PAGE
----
The amino acid L-cysteine has a derivative called N-acetyl cysteine (NAC). It functions as a strong antioxidant because it is a source of sulfhydryl (-SH) groups in the body. Additionally, glutathione levels in the body are raised by N-acetyl cysteine, and decreased levels of glutathione has been linked to a number of pathologies.
For decades, nutritional supplements have contained N-acetyl cysteine (NAC). However, as of 2020, the FDA began to controversially warn businesses that the use of N-acetyl cysteine in supplements was unlawful.
Mechanisms of Action
N-acetyl cysteine, which is transformed into cysteine and then glutathione, may easily pass the cell membrane while glutathione cannot. Hydroxyl-free radicals and hydrogen peroxide are examples of reactive oxygen species (ROS) that lower glutathione concentrations both inside and outside of cells. A particularly effective technique to restore glutathione and lessen ROS damage is with N-acetyl cysteine [x].
N-acetyl cysteine breaks the disulfide bonds in mucus glycoproteins, which makes biofilms unstable [x].
Results from certain in vitro and animal studies indicate that N-acetyl cysteine reduces the invasiveness and angiogenesis of tumor cells, albeit the exact anticancer mechanism is yet unknown (x).
N-acetyl cysteine may stimulate anti-angiogenesis through the formation of angiostatin, which encourages vascular collapse of the tumor, according to other animal models (X).
Other animal studies indicate that alterations in the processing of TNF-alpha and TNF receptors are associated with the anticancer effect of N-acetyl cysteine (X).
N-acetyl cysteine may prevent the growth of hormone-independent prostate cancer cell lines through anti-NF-kappaB action, according to certain in vitro research (X). Other in vitro studies show that the anticancer effects of N-acetyl cysteine may be explained by increased adherence of tumor cells to peripheral blood mononuclear cells (X) or by inhibiting the synthesis of VEGF (vascular endothelial growth factor) (X).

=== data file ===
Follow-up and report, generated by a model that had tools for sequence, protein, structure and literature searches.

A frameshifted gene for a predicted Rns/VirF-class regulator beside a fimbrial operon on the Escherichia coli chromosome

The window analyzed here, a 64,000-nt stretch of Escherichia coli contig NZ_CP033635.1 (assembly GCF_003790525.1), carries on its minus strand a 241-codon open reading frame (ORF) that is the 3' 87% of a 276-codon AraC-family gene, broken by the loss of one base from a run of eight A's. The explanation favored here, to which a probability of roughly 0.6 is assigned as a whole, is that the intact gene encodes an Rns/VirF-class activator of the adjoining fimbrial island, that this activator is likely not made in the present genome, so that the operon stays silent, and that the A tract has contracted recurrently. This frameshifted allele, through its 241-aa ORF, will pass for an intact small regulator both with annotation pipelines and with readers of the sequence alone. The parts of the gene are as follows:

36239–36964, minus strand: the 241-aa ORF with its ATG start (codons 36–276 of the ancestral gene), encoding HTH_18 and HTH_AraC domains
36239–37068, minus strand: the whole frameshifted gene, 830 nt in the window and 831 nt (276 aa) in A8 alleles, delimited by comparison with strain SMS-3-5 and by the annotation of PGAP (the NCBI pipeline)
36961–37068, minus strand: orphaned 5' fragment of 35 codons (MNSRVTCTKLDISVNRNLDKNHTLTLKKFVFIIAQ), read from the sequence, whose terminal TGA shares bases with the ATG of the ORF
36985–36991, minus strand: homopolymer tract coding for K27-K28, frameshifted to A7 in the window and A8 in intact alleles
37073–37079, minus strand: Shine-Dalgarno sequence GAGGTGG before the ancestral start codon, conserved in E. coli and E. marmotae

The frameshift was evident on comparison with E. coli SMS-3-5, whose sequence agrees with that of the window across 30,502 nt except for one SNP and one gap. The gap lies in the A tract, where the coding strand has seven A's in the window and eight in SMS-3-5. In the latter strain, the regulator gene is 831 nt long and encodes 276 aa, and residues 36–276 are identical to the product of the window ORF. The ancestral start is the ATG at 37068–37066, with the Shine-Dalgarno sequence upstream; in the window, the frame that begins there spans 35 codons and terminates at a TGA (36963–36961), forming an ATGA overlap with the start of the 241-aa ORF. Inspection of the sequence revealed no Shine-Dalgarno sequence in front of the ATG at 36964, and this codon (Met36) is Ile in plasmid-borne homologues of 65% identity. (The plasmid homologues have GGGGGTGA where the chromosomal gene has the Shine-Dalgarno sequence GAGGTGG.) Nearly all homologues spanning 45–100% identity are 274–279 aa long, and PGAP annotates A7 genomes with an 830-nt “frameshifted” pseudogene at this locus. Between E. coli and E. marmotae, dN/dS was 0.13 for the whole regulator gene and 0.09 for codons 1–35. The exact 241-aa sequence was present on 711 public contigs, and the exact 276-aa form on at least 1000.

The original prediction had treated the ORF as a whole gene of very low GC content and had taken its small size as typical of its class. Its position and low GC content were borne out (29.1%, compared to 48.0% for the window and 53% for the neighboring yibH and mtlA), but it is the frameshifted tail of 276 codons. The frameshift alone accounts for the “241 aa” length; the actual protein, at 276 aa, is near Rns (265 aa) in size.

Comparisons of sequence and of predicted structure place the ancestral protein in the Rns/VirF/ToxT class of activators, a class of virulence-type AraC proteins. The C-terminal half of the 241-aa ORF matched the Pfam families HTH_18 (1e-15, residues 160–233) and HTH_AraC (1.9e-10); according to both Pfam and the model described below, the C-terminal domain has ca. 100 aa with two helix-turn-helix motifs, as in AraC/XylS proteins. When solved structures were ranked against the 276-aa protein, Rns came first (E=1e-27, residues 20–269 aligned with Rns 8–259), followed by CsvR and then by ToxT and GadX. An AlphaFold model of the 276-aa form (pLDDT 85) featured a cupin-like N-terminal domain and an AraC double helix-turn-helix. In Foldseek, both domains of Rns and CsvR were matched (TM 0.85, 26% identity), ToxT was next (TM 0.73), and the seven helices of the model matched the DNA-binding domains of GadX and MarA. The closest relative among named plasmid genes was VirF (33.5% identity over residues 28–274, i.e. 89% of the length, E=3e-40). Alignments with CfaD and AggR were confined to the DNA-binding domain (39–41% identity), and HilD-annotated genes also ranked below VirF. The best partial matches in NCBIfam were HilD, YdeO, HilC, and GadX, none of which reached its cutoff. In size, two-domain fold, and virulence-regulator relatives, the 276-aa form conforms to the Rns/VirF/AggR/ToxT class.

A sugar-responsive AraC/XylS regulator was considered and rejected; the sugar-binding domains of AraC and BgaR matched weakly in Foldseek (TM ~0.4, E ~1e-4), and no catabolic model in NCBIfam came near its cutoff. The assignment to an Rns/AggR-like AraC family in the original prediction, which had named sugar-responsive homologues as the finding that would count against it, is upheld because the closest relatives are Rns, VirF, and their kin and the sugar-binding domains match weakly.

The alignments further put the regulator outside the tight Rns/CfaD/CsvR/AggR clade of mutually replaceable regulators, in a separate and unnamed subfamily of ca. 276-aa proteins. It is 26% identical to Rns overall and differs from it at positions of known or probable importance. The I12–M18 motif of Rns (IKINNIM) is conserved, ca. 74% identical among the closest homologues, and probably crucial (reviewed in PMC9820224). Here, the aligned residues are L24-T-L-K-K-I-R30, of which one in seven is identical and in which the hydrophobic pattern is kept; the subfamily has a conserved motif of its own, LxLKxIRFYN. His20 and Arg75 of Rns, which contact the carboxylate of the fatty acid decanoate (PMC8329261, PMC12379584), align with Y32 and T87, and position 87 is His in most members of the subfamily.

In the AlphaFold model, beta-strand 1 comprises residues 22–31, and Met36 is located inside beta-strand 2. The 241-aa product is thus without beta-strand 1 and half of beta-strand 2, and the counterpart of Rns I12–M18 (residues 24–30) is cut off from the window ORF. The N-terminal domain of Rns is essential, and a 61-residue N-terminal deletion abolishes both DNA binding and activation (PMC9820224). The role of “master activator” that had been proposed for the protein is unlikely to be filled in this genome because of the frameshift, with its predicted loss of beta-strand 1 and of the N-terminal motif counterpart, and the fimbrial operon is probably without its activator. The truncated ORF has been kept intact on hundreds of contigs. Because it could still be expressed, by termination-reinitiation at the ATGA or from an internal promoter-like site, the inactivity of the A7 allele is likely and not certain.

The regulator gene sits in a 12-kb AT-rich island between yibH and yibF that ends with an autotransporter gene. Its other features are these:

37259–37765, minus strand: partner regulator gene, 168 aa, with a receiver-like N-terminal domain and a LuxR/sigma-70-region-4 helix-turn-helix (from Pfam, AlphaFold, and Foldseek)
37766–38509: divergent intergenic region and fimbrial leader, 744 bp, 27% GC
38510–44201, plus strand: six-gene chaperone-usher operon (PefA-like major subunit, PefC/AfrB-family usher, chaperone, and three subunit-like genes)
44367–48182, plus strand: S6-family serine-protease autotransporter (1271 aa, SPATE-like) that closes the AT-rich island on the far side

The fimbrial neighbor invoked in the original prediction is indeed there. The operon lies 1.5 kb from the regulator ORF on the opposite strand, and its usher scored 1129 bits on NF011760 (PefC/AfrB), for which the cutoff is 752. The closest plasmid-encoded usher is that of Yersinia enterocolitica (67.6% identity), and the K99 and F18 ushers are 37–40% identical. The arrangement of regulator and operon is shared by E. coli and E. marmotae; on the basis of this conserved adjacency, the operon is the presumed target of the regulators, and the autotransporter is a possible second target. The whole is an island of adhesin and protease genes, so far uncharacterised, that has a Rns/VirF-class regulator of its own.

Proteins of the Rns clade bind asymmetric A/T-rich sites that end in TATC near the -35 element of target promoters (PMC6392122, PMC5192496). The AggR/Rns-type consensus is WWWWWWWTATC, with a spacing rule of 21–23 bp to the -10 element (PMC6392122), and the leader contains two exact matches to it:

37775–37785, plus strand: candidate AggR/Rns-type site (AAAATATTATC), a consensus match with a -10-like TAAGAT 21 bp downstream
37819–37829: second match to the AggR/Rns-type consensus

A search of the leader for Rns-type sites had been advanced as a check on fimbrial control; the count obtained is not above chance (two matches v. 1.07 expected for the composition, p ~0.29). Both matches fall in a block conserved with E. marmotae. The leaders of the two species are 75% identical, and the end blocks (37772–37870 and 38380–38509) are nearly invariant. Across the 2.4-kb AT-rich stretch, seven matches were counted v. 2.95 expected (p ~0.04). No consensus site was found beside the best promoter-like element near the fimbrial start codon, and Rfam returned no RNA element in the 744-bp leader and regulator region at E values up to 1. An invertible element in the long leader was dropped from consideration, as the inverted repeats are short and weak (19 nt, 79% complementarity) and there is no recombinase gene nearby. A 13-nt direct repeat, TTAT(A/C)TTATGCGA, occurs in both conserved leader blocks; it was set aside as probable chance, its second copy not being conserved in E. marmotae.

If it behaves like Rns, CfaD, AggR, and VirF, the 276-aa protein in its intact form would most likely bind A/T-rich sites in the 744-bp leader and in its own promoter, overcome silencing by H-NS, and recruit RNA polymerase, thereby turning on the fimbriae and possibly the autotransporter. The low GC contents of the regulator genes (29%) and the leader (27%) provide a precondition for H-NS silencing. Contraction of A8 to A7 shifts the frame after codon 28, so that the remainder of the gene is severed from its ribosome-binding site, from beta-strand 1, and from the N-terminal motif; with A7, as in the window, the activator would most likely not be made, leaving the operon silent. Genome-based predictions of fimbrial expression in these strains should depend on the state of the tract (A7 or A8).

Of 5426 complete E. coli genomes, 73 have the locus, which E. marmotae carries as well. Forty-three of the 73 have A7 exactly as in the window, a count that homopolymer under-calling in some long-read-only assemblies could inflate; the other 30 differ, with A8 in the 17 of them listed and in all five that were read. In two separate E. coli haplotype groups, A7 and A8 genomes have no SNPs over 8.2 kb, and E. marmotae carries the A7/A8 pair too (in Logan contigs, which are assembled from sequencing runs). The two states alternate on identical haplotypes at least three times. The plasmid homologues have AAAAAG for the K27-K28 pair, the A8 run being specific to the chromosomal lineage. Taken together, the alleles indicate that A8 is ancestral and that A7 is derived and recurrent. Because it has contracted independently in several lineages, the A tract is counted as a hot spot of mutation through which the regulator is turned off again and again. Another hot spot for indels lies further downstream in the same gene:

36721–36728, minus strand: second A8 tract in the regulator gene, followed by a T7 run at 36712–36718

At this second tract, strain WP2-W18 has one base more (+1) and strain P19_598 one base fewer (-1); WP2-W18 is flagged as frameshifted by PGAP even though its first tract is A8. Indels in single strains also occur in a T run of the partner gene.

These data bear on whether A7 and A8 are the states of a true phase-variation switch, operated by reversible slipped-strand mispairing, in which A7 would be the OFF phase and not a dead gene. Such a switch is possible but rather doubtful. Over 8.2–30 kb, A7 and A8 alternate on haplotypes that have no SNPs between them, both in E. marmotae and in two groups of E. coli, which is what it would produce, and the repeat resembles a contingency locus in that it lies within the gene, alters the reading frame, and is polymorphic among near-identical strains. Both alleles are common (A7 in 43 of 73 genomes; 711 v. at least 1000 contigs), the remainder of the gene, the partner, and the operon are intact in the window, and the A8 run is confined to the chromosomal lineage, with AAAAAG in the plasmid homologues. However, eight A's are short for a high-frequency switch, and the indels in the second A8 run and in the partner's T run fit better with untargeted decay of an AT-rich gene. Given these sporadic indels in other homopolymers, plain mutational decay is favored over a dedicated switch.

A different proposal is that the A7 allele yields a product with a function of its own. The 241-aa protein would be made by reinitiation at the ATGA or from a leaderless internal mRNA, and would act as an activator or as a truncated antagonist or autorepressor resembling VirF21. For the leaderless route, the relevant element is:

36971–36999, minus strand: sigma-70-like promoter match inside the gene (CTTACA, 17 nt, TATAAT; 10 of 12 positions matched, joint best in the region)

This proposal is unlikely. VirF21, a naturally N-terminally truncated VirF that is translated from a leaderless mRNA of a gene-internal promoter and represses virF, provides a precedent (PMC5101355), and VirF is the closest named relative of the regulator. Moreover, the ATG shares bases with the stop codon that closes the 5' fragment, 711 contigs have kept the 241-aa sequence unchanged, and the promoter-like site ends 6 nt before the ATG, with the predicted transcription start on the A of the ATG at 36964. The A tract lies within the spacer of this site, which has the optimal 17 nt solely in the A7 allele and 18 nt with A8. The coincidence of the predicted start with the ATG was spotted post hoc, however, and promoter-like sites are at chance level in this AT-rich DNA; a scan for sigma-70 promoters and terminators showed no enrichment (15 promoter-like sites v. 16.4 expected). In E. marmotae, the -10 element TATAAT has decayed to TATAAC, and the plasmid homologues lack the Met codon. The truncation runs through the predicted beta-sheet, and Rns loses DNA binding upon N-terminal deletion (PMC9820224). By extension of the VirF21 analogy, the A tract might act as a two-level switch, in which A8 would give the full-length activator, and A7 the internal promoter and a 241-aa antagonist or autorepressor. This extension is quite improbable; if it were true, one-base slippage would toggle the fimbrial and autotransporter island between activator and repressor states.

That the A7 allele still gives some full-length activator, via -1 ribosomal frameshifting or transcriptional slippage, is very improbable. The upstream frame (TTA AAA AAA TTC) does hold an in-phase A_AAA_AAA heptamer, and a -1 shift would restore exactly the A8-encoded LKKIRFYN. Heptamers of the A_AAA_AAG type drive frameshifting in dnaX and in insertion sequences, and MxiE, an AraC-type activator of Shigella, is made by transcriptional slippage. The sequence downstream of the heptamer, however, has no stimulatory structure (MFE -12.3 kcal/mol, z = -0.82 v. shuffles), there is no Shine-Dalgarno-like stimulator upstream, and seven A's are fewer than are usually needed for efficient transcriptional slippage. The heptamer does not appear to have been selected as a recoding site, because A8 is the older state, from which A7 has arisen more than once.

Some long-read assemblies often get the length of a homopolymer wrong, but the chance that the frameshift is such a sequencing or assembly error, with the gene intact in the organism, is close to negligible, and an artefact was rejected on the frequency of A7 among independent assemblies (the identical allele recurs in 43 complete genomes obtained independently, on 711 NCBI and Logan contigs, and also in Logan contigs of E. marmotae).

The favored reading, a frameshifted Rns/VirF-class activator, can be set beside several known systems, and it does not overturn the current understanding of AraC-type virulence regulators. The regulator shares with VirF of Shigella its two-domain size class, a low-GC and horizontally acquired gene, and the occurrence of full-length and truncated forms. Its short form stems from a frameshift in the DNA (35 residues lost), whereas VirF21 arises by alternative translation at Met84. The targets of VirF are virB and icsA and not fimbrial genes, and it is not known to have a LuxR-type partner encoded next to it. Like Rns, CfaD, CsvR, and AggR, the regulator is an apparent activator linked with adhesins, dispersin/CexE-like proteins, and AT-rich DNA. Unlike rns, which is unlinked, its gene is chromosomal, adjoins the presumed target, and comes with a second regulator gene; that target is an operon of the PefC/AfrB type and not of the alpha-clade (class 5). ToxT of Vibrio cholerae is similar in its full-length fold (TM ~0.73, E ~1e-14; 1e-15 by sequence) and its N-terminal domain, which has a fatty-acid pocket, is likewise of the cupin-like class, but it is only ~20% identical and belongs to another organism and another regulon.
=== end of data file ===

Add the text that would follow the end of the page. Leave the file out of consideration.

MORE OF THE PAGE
The most prevalent excitatory neurotransmitter in the central nervous system (CNS) is glutamate, which is essential for many different CNS processes. Up to 70–80% of all synapses in the CNS are thought to use glutamate for intercellular communication [x,x].
Glutamatergic transmission in the central nervous system (CNS) is impacted by NAC through a multistep indirect process. Following NAC’s biotransformation into cysteine, cystine enters glial cells in a 1:1 stoichiometry with glutamate trafficking into the extracellular space.
NAC can thereby increase extracellular glutamate levels and inhibit neuronal release of synaptic glutamate under conditions of dysregulated glutamate signaling, such as when extracellular glutamate levels are low.
Dopamine is a catecholamine that is produced naturally and is obtained from the amino acid tyrosine through the decarboxylation of dihydroxyphenylalanine (l-DOPA). Dopamine is a precursor to epinephrine and norepinephrine.
Dopamine is a primary transmitter in the basal ganglia, and plays a key role in controlling movement. Memory, attention, and cognition issues can be caused by abnormal dopaminergic transmission, which is also linked to schizophrenia and psychotic diseases. Parkinson’s and Alzheimer’s diseases are linked to the degeneration of dopaminergic neurons.
Dopamine can be changed into other substances by reactive oxygen species such as dopamine quinones or dopaminochrome, which are linked to cytotoxicity and apoptosis. Despite having a low reactive oxygen species (ROS) reactivity, N-acetylcysteine is still a widely utilized antioxidant [x], potentially owing to its ability to increase glutathione which is a major ROS scavenger reducing oxidative stress[x].